This paper is a contribution to the zooarchaeological research on animals or animal parts found in human graves during the Middle Bronze Age in Greece. The animal bones from the early Middle Helladic settlement (MH I-II, c. 2100-1800 BC) and contemporary burials at Asine are presented. The goal is to compare the animal bones from the settlement with those from the burials, in terms of species composition and body part distribution. Through this comparison, this paper aims to discuss any symbolic connotations of bone waste from everyday-life practices. The results show that the most common domesticates from settlement contexts, pig, sheep/goat and cattle, also appear to be the most abundant animals deposited in the early MH graves at Asine. This is consistent with mortuary data from other sites on the Peloponnese, especially Lerna. The pig was most abundant in both settlement and graves at Asine. The similarities between wild and domestic pigs might be important, and are discussed as a possible inspiration for the pig symbolism in MH I-II Asine. I also propose a regional change in the later Bronze Age of how animals were deposited in graves, in which period the presence of wild mammals, dogs, and horses in high status graves increases. Throughout, pig, sheep/goats and cattle remained the most important animals for ritually connoted events such as funerary meals or feasts.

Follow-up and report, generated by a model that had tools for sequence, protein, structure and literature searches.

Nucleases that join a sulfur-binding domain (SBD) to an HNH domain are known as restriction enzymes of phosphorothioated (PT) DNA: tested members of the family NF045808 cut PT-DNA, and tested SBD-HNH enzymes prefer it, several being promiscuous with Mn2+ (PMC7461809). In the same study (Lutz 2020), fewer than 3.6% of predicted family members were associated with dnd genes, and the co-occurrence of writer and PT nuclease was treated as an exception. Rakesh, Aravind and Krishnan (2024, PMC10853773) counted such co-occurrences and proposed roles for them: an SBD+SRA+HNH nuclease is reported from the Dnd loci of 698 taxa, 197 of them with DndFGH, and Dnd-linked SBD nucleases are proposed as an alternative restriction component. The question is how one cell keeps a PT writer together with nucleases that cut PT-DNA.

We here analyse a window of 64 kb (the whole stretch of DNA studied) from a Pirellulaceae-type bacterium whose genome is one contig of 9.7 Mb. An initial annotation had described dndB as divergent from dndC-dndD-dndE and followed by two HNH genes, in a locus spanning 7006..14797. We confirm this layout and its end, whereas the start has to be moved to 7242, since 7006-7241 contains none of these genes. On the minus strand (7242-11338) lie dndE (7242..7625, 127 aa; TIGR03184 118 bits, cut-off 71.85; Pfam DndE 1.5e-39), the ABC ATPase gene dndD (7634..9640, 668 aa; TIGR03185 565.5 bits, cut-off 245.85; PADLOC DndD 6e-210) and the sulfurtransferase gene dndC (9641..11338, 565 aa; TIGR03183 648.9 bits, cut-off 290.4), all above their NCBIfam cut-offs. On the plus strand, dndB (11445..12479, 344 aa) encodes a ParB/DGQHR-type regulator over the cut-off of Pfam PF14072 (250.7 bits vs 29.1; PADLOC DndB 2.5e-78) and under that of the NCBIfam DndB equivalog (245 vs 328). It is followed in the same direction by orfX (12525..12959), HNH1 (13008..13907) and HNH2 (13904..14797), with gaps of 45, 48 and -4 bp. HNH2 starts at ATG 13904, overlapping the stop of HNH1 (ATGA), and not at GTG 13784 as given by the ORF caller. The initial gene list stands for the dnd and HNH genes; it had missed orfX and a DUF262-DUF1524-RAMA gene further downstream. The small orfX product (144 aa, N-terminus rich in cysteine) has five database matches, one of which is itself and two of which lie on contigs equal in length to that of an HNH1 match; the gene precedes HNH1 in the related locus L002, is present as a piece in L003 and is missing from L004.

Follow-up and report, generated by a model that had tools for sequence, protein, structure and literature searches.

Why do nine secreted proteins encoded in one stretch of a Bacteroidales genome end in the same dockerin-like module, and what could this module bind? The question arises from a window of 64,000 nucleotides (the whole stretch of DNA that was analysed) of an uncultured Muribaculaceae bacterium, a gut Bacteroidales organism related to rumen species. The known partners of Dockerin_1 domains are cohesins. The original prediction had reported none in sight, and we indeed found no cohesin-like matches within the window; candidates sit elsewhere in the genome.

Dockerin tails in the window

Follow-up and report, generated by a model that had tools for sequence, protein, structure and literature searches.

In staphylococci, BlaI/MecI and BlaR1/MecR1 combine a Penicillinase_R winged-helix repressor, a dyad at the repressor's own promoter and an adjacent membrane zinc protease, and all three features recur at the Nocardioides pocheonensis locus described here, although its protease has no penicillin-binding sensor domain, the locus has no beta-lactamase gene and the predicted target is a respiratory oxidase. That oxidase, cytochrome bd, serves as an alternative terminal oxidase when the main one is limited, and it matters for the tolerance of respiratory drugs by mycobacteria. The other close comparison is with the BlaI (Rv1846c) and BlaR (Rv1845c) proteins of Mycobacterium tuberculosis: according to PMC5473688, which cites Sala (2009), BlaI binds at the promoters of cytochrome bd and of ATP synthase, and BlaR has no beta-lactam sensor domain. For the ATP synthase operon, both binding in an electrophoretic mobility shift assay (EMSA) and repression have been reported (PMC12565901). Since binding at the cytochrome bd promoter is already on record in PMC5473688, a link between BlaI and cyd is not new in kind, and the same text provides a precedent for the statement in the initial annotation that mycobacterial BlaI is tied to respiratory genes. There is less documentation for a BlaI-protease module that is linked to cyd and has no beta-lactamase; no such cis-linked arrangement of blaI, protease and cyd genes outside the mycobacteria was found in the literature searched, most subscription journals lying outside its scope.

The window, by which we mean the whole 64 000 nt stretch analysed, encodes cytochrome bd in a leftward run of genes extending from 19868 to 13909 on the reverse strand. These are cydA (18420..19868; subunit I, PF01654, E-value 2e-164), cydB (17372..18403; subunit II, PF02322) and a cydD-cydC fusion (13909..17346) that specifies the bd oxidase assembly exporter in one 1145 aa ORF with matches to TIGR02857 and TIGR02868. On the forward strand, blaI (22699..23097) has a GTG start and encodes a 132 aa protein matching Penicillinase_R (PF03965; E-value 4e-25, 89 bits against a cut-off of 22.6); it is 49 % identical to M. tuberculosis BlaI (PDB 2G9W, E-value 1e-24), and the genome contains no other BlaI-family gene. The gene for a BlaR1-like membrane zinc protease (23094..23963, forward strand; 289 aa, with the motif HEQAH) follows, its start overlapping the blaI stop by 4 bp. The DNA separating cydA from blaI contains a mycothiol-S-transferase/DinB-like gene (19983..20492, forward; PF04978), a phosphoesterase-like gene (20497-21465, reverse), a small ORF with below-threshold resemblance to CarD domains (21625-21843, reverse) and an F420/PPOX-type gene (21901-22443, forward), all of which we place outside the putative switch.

|Status||Published - 2017|
|Peer review utförd||Ja|